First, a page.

If you’re a parent, you’ll know just how active and busy children are. In their first few years, kids grow and develop more than at any other life stage, so good nutrition is key to meet their unique needs.
Each day, kids should eat enough nutritious foods to grow and be healthy. They should also play and get plenty of exercise each day, and their growth should be checked regularly.
Give your kids the best start, by choosing mainly from these five food groups every day:
- Vegetables, including different types and colours, and legumes/beans
- Grain foods, like breads, cereals, rice, pasta, noodles, polenta, couscous, oats, quinoa
- Lean meats and poultry, fish, eggs, tofu, nuts and seeds, and legumes/beans
- Milk, yoghurt, cheese and/or their alternatives
However, meal times can be stressful. Between getting food on the table, getting everybody to sit up to eat and juggling bath times, dinner can seem like a nightmare. Add fussy eating into the mix and it can become a long nightly ordeal!
Here Are Top 5 Tips to Tackle Fussy Eating in Your Household
1. Lead by example
This may seem simple, but so often when meal times become stressful, parents often don’t eat at the same time.
Make sure you sit with your child and eat. If they see you eating everything on your plate, they are likely to copy you and try everything on their plate.
If you can’t manage to eat your whole meal with your kids, try to at least have a very small plate with all the items your kids are eating.
2. Get kids involved in the kitchen
Get your kids to help with the cooking (obviously avoiding sharp knives and hot stoves). Give them things to chop up with a butter knife, get them to stir a mixture or serve up a component of dinner. Kids are more likely to eat things they have helped prepare as they are more familiar and exciting.
3. Meal plan/shop together
Giving kids some choice over what they’re eating can help foster their sense of independence. Try having a weekly planner listing dinners so your child knows what to expect or allow your kids to pick dinner (from a suitable selection) one night per week.
If you take your kids shopping, give them some choices about the food you are buying.
For example, “we’re going to have pasta tomorrow, which shape would you like?” or “we need some apples, can you pick which colour you would like?”.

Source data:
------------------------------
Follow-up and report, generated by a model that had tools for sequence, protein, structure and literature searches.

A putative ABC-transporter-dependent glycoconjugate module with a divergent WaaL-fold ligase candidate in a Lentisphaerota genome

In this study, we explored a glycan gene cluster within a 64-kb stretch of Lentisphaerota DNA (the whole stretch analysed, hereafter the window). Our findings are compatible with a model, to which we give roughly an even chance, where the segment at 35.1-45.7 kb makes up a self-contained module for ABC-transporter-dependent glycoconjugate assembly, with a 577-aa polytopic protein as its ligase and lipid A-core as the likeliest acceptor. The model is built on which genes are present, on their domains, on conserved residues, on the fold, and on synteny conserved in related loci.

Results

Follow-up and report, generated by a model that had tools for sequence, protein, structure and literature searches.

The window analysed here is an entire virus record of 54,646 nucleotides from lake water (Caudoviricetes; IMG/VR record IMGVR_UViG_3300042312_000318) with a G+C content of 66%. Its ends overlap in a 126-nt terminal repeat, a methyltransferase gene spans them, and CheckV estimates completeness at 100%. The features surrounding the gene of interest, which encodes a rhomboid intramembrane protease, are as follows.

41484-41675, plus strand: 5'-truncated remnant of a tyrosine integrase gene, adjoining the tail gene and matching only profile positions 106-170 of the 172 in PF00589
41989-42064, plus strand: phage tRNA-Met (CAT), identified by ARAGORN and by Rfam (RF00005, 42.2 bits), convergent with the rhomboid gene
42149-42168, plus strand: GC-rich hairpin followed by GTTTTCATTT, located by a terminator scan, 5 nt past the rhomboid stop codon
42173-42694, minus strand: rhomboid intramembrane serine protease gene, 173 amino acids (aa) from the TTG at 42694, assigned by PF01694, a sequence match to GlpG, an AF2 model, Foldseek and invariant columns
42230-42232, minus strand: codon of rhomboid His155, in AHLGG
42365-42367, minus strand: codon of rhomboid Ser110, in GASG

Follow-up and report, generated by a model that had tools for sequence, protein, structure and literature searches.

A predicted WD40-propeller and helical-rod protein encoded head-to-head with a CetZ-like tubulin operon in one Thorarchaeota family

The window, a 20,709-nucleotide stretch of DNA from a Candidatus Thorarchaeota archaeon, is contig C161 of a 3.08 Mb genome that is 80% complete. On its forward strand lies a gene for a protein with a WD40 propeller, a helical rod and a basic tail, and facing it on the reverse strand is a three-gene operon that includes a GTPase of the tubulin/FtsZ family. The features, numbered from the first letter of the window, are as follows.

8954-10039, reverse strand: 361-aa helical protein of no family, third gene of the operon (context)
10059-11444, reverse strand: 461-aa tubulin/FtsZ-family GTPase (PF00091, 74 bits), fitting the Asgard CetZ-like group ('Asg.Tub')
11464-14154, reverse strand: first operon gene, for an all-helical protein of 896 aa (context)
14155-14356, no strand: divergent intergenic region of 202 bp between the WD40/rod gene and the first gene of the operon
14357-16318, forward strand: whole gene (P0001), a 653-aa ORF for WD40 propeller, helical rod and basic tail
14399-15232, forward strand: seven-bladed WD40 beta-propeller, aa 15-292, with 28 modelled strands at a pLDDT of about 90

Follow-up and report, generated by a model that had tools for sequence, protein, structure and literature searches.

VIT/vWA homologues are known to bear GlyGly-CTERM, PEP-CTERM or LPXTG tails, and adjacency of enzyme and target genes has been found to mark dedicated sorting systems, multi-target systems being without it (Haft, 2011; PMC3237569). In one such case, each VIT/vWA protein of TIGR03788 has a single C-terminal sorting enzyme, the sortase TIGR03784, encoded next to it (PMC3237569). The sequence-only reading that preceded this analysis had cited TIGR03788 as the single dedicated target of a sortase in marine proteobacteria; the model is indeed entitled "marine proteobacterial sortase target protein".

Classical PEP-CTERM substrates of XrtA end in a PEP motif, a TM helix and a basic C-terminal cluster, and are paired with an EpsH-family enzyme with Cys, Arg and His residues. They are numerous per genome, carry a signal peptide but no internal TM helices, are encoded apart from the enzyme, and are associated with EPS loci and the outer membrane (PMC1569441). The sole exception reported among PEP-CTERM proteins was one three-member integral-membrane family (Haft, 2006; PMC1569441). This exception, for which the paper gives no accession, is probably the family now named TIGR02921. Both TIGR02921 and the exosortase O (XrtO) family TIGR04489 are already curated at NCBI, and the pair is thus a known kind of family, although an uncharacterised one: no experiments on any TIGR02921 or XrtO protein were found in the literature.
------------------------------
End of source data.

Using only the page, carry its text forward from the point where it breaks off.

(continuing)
Allowing your child to pick a new fruit or vegetable is also a good way to encourage your child to try new foods, while allowing them to feel in control.
4. Plant some veggies with your kids
Or if you have a small/no garden buy a small pot (strawberries are great). Getting kids involved in the growing/harvesting process can make them more likely to eat new foods.
Cherry tomatoes are often left on the plate, but if your child can pick a bright tomato straight from the plant they have been watering for weeks, it may get popped into their mouth and be gone before you know it!
5. Don’t try to coerce, bribe or threaten your kids into eating
Sometimes trying to get your kids to eat can be a battle, and at times you may feel like bribing them or even scaring them into eating a particular food. While there is a chance this may work in the short term, it sets up meal times as a battle and also can damage your kids’ relationship with food.
Try telling your kids why they should eat the food. For example, “this yummy meat gives your body protein which helps you grow big and strong” or “this sweet potato provides you with so much energy so you can play all day”.
Remember, no one likes everything. It is expected and normal that your child will not like 100% of the things you serve up. Try to maximise variety, make meal times as relaxed as possible and let the kids do the eating.
After more info?
Our Accredited Practising Dietitians (APD) can provide helpful tips to improve the variety in your child’s diet, and make sure they are getting all of the things they need from food.
Phone 6122 0150 to book an initial appointment with one of our Accredited Practising Dietitians.
Source: Dietitian Australia